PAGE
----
8/18/2011

Can the government be trusted to regulate companies properly?

It constantly seems as if the government can not separate politics from what it does. Now the government is going after S&P at least in part because it downgraded the US credit rating. The government is also going after S&P for not foreseeing a financial crisis that the government itself didn't foresee. The bottom line is this: if S&P doesn't rate bonds and other assets properly, people won't pay them very much for their ratings. The market punishes S&P for the mistakes that it makes. Apparently, politicians are telling the New York Times that they are letting S&P's downgrade of the US impact their judgments on punishing the company. That is not good. Does anyone think that will make S&P's evaluations of the US better in the future?

The Justice Department is investigating whether the nation’s largest credit ratings agency, Standard & Poor’s, improperly rated dozens of mortgage securities in the years leading up to the financial crisis, according to two people interviewed by the government and another briefed on such interviews.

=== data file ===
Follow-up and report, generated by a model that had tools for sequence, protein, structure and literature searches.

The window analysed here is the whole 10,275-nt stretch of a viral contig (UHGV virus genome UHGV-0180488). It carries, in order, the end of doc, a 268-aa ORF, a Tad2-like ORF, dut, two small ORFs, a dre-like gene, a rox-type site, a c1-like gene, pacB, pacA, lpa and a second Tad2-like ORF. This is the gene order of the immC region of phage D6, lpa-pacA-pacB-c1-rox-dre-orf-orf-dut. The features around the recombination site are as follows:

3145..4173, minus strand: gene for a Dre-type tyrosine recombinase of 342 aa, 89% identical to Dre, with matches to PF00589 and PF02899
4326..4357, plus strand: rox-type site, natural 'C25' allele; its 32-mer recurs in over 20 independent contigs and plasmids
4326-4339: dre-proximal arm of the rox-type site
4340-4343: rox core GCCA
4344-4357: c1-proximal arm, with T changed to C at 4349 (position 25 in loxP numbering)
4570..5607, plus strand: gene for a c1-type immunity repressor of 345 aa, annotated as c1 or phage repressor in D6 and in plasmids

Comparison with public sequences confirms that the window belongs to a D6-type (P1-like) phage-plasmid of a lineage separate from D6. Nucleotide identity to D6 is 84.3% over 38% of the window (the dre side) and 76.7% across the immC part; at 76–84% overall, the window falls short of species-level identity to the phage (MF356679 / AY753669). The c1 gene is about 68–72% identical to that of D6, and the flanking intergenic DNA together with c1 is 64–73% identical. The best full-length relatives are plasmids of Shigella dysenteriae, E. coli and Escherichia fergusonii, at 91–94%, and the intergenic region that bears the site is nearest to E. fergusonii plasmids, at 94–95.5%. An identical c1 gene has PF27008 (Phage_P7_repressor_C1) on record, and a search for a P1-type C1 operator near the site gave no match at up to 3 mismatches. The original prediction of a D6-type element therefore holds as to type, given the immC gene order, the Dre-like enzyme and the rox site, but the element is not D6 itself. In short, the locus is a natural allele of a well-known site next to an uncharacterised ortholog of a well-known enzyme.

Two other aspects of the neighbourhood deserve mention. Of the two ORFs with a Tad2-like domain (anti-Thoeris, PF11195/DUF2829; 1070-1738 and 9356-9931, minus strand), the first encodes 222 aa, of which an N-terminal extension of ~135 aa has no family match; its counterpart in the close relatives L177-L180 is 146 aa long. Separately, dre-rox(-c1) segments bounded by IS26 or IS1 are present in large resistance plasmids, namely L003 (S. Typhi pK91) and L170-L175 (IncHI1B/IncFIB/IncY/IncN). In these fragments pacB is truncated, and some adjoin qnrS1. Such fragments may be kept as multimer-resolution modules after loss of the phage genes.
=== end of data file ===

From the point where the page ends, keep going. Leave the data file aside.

The investigation began before Standard & Poor’s cut the United States’ AAA credit rating this month, but it is likely to add fuel to the political firestorm that has surrounded that action. Lawmakers and some administration officials have since questioned the agency’s secretive process, its credibility and the competence of its analysts, claiming to have found an error in its debt calculations. . . .

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1 Comments:

Blogger Martin G. Schalz said...

In the context of the whole, I cannot chalk this up as mere coincidence.

Is this too going to be driven by Mr. Holder as a favor to the man who hired him?

8/19/2011 1:22 PM  

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